The event, co-hosted by Zoe Daniel MP and Butterfly Foundation, brought together experts in the eating disorder prevention field, young people with lived experience, social media representatives, researchers and academics, the eSafety Commission and parliamentarians, to develop solutions to better protect young people in online environments.
In recent years, some social media platforms have made changes to improve safety in relation to body dissatisfaction and eating disorders. However, the volume of users and the rapid development of new trends, including hashtags that get around banned terms, work against existing protections.
“Prevention is a key pillar of the National Eating Disorders Strategy released last month by the National Eating Disorder Collaboration (NEDC), including improving online safety for young people,” said the CEO of Butterfly, Jim Hungerford. “While we are working with social media platforms to minimise the harm to young people, and to encourage the positive outcomes that can come from social media, we need to work together to promote social media literacy and educate content creators in safe sharing.”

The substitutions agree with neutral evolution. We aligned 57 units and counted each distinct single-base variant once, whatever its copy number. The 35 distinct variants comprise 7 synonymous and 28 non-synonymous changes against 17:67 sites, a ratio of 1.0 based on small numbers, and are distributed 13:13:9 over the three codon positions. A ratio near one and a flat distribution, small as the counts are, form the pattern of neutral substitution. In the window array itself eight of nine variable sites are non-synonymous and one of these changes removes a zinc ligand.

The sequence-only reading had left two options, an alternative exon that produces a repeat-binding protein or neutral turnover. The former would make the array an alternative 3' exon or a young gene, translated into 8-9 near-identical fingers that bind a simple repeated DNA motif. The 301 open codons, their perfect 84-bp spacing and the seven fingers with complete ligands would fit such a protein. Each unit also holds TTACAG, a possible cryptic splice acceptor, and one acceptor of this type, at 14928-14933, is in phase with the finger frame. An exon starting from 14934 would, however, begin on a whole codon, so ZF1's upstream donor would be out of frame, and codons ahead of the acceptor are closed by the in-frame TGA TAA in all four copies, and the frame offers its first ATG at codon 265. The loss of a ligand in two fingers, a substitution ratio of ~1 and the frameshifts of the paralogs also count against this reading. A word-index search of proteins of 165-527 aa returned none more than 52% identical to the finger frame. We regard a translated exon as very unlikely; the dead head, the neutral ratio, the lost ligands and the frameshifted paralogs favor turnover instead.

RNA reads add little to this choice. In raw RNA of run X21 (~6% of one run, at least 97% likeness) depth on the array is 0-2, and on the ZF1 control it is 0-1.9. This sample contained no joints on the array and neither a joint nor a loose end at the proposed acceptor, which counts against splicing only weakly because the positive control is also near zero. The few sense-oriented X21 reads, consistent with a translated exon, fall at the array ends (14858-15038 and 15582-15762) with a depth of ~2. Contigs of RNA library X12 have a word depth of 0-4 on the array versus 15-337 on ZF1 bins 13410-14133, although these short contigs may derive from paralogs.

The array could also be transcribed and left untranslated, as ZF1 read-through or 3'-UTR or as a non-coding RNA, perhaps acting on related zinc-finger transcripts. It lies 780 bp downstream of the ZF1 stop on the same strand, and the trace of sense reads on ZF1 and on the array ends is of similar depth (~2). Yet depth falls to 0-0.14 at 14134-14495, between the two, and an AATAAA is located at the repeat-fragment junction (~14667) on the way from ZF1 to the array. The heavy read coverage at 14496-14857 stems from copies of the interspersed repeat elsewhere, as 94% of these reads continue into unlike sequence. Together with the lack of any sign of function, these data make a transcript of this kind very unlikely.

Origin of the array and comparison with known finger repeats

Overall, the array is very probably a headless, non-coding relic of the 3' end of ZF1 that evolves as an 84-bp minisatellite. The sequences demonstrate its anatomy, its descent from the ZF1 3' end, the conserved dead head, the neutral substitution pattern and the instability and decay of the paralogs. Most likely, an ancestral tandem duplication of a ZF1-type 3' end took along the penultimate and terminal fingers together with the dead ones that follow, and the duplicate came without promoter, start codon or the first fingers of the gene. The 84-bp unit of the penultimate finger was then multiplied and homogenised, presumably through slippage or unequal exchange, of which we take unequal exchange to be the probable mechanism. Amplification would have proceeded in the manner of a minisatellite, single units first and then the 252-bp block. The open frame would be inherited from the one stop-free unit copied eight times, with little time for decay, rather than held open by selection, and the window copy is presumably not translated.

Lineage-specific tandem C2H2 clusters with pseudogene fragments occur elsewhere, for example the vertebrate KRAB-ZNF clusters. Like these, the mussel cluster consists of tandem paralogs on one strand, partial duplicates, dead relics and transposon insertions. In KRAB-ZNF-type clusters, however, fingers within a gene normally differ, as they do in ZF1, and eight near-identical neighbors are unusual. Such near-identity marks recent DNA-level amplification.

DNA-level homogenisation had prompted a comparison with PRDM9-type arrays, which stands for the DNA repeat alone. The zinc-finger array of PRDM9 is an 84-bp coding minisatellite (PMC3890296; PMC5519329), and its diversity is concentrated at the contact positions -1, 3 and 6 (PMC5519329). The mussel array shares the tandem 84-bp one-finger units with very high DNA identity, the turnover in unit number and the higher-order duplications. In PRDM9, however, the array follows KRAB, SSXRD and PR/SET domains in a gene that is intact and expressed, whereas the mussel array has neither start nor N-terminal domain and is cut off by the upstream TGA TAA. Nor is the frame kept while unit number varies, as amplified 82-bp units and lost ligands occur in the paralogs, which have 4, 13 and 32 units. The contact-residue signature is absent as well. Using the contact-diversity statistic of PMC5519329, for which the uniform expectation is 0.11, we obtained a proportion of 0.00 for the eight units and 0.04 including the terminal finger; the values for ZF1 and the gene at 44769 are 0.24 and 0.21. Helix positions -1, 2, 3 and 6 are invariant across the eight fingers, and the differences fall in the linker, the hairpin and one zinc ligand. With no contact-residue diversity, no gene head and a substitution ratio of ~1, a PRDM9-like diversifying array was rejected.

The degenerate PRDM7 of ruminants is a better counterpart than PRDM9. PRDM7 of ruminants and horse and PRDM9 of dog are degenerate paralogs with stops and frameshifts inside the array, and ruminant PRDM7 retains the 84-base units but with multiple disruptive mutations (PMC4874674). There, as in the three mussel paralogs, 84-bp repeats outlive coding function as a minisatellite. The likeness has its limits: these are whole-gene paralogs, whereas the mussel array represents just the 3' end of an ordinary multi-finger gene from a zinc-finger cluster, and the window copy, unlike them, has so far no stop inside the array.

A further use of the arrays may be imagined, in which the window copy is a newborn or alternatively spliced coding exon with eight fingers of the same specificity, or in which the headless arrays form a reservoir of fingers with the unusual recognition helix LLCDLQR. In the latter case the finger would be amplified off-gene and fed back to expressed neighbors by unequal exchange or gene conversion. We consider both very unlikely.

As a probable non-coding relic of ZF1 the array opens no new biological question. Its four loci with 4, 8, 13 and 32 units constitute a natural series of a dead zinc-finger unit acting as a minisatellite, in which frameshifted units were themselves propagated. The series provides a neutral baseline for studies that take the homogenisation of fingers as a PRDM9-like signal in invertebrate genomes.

CEO of Eating Disorders Queensland, Belinda Chelius shared the experience of a Lived Experience worker at EDQ, “During the years that I lived with an eating disorder, I didn’t have a strong grasp of my own values and identity nor a connection to myself that supported healthy intuition. From my own experience, I feel that there can be a vulnerability and impressionability in relation to social media and the internet for those at risk of or living with an eating disorder.” She calls on the eating disorder sector and policymakers to stand up and speak with our communities to enable safe environments for vulnerable people.
The eating disorder sector has agreed to set up a working group to consider all options, including legislative change, to protect young people from harmful content that promotes thinness and glorifies eating disorders.
Butterfly Foundation will chair the new group which will have six months to finalise its recommendations to government and industry.
The attendees of the roundtable also agreed to explore and advocate for a National Inquiry into Body Image Issues – which would be the first Federal investment in body image issues since the now outdated ‘Voluntary Industry Code of Conduct on Body Image’ in 2009.
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